a) individuals who have a re-infection (a second infection after having a previous confirmed infection) and one or two doses of vaccination and
b) individuals who develop an infection after two doses of vaccine.

We can do this effectively because all individuals who are in the study have PCR tests every two weeks and regular blood tests for antibodies that are stored for future analysis. In addition, for individuals who develop infections after vaccination, we will discuss with them in more detail to determine whether they could have a functional problem with their immune system, take specific medications that could prevent their immune system from responding and seek their consent to take additional blood tests to perform detailed analysis of their immune response to COVID. This will involve analysis of their blood tests before and after the infection episode and we will ask if they would like to participate in genetic analysis of their DNA code to see if there are particular mutations in their DNA code that might predict a poor response to vaccination.

We will seek to do this scientifically using specific study designs that will compare individuals who acquire an infection after vaccination to others who do not get infections, matched to age, sex, ethnicity, and co-morbidities. The T and B-cell immune responses will be compared to determine if there are key detectable differences between these groups.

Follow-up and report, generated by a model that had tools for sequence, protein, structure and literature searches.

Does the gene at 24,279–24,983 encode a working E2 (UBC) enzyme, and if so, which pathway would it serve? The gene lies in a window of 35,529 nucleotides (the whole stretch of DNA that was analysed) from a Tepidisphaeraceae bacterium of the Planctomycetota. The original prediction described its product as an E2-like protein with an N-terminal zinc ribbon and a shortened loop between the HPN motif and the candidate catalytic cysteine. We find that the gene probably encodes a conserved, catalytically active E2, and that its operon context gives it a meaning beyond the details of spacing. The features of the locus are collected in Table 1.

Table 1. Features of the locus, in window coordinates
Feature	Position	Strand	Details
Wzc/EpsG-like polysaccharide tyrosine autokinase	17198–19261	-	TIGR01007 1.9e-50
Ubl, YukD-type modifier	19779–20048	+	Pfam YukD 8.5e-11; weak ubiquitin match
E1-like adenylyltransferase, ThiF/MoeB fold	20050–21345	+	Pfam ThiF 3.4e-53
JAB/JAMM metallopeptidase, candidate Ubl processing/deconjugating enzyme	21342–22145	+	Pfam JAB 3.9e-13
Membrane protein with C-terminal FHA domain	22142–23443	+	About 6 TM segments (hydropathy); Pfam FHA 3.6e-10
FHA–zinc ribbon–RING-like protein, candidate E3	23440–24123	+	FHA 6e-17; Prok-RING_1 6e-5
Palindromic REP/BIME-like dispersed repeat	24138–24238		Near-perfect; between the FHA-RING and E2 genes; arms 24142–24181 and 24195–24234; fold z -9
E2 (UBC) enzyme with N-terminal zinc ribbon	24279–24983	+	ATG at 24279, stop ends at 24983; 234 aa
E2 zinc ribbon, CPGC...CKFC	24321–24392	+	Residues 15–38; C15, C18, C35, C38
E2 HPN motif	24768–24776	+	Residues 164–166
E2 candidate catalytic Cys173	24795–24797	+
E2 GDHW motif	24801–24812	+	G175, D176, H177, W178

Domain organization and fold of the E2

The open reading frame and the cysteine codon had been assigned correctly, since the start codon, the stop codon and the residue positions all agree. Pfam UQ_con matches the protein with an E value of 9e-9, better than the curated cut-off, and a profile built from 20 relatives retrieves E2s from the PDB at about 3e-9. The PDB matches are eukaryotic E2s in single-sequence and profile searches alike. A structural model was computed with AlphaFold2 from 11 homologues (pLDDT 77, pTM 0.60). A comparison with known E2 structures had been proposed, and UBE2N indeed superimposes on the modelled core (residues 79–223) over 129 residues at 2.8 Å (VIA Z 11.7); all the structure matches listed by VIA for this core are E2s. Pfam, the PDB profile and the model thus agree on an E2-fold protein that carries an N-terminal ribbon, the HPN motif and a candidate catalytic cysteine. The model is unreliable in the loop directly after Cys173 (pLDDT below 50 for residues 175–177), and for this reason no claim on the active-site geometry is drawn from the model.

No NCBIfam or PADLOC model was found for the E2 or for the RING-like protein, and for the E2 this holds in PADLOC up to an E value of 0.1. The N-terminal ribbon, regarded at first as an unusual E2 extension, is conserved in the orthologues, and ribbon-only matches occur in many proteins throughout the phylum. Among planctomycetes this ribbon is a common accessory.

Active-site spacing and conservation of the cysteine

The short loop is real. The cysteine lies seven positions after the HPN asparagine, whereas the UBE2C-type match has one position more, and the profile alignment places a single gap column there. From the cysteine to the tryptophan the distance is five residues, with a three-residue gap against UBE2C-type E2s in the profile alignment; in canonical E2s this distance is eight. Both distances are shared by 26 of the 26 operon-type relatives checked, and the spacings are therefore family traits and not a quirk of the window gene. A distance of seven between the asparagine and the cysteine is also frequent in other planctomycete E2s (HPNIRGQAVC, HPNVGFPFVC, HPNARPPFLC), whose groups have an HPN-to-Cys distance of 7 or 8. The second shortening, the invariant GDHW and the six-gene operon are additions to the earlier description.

Technical Summary

The SIREN Consortium aims to investigate the correlates of immunity against SARS-CoV-2 post-vaccination, including the durability of the immune response in healthcare workers (HCW).
The study uses the strengths of the largest global cohort study (N~45,000) with regular serological and alternate weekly SARS-CoV-2 PCR testing.
This additional funding enables detailed immunological nested case-control studies where cases are infections post-vaccination and compared to appropriately matched controls. 75 proven vaccine breakthrough cases have already been identified and daily alerts for new infections are in place.

It will assess host and pathogen factors related to infections post-vaccination with the PITCH Plus pathway
1. Anti-S and anti-N neutralising antibodies against the current SARS-CoV-2 variants of concern, using validated pseudovirus microneutralisation (pMN) assay and live virus MN & Tcell memory responses, by IFNG Elispot and T cell proliferation assay
2. The durability of binding and quantification S and N antibody, neutralising antibody and T-cell responses in recipients of different vaccines and vaccination schedules